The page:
Update August 29, 2022: When Authors Have Limited/No Rights…

Content Warning: stereotypes, anti-Asian racism

So, I know it has been a long time since I posted. A lot of it has to do with being increasingly busy with some stuff while also having almost no time to write except for a little thing here and there. Also being as deep in the work to help make the world a better place has left me tired, especially with how toxic our political climate has become in the United States.

I will start off with a little good news before I get to the title of this update. First, I had the pleasure to visit relatives I have not seen in years last summer. I also spent time with relatives I had not seen in over a decade, as well. There was also meeting relatives I did not know I had! Some of my in-laws also come from a variety of backgrounds, and I am so happy at seeing my family as multiracial and multiethnic as we are.

Now I am getting to the stressful situation. There is many things that might match this since I last posted, but this is a more important one. It needs said just in case it does become an ordeal later.

Because I do want to protect some of my own anonymity and also (for now) the anonymity of the publishers and editors, there is a situation that came up with an article I published in an encyclopedia. First: this was a very good opportunity for me and I am grateful to have had it. However, when I saw how my article came out in the actual printed encyclopedia, I saw some content that was significantly different. Some editing was expected, and I know that the editor told us all that we would not have the chance to see the draft they intend to submit to the publisher because the publisher suddenly changed their expectations and the deadline for the needed edits was tight. To this end, I understand why I might have not had a chance to see how my work would come out.

However, in my work, there were two phrases that made it that were never, EVER in my final draft I submitted to the editors. The phrases inserted changed my work significantly and now perpetuates the very stereotypes I was combating by authoring one of the articles. These phrases were basically saying in one sentence that they may struggle with English, then say that they may resist westernization in another. There was no “some may” in either case, it was “they may.” This bothers me because I spent a portion of my article draft I submitted trying to criticize the idea of the “perpetual foreigner” and this reverses some of that effort on my part. There was nothing I saw in the piece to mitigate these phrases in a way that adds context or nuance, either.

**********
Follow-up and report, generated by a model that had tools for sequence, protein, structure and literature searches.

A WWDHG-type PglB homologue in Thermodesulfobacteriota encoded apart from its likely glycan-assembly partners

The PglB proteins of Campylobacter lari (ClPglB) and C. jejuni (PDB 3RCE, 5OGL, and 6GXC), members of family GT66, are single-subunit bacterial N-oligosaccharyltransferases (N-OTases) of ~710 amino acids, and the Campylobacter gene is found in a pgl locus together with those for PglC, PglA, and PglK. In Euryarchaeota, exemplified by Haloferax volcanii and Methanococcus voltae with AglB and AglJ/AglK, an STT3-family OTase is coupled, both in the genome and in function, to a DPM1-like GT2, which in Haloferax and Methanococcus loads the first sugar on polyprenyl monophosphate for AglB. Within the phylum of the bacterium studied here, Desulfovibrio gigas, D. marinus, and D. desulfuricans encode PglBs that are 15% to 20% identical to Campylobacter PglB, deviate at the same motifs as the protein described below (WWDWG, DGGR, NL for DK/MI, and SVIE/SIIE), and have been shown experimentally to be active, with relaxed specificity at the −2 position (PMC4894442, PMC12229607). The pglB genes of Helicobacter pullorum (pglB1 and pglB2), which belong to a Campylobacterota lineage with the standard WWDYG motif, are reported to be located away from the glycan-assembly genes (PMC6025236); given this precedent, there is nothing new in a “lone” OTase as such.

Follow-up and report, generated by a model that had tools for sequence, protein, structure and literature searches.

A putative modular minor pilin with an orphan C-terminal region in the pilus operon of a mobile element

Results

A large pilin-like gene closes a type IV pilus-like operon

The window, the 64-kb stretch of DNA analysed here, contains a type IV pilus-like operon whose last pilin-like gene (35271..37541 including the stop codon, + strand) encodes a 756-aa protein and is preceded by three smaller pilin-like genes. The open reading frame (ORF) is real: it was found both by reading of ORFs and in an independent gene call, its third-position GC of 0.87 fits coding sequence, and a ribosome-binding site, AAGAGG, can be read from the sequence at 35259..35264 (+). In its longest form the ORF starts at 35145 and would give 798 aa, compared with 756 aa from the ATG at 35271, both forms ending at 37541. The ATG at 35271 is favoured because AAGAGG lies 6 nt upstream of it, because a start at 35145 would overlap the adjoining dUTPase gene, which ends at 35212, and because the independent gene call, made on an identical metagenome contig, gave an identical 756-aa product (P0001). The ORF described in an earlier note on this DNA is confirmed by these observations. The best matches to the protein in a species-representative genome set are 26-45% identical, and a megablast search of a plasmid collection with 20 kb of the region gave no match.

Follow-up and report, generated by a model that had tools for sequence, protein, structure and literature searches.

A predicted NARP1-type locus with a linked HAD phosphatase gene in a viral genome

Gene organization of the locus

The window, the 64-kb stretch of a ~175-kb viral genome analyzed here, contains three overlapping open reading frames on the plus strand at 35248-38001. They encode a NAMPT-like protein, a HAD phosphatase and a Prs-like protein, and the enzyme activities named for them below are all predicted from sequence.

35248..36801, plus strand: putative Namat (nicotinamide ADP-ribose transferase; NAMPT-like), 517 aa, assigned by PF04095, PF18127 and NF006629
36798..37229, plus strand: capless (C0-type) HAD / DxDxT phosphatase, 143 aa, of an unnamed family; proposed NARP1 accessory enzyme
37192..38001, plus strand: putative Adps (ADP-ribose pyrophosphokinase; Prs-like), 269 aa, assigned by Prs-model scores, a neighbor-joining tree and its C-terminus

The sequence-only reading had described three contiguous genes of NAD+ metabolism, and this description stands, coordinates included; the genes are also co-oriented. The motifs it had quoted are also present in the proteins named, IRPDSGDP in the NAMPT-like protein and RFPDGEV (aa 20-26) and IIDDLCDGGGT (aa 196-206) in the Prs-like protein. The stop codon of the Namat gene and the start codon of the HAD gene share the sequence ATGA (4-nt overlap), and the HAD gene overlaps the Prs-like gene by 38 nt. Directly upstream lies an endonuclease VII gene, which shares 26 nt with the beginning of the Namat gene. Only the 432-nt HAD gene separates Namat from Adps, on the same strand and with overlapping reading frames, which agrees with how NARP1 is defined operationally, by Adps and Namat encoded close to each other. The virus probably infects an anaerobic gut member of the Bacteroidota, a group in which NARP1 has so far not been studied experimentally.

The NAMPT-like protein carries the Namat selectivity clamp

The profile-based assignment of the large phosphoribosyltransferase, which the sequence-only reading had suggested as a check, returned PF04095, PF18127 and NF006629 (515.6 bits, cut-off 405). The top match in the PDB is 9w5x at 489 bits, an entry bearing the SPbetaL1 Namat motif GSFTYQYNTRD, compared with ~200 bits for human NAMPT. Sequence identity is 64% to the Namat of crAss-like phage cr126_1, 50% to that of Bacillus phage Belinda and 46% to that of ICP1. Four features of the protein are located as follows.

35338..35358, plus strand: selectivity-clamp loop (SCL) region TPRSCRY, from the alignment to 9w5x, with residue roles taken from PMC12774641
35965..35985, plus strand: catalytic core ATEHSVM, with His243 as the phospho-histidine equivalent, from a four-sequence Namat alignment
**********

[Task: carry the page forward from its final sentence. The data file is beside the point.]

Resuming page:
I understand the editors may not have been sensitized to some of this, but I am. When I was younger, a shade or two darker, and did not pass as white, people asked me where I was really from. I even still sometimes get this on the wrong time, day, and shade. Now I have a work out there who will not only sting some peoples who are Asian, Pacific Islander, and more, but really any immigrant to one degree or another who has had to deal with people scrutinizing their proficiency in English. This issue affects some more than others, but is still an issue no matter what. I may not be an immigrant and I will certainly not speak for the community, but I have heard the stories from people who have migrated over to the United States and received mean-spirited remarks on their language proficiency. In addition, I have also heard stories from people born in this country be scrutinized for their language proficiency despite having spoken far better English than most US-born citizens.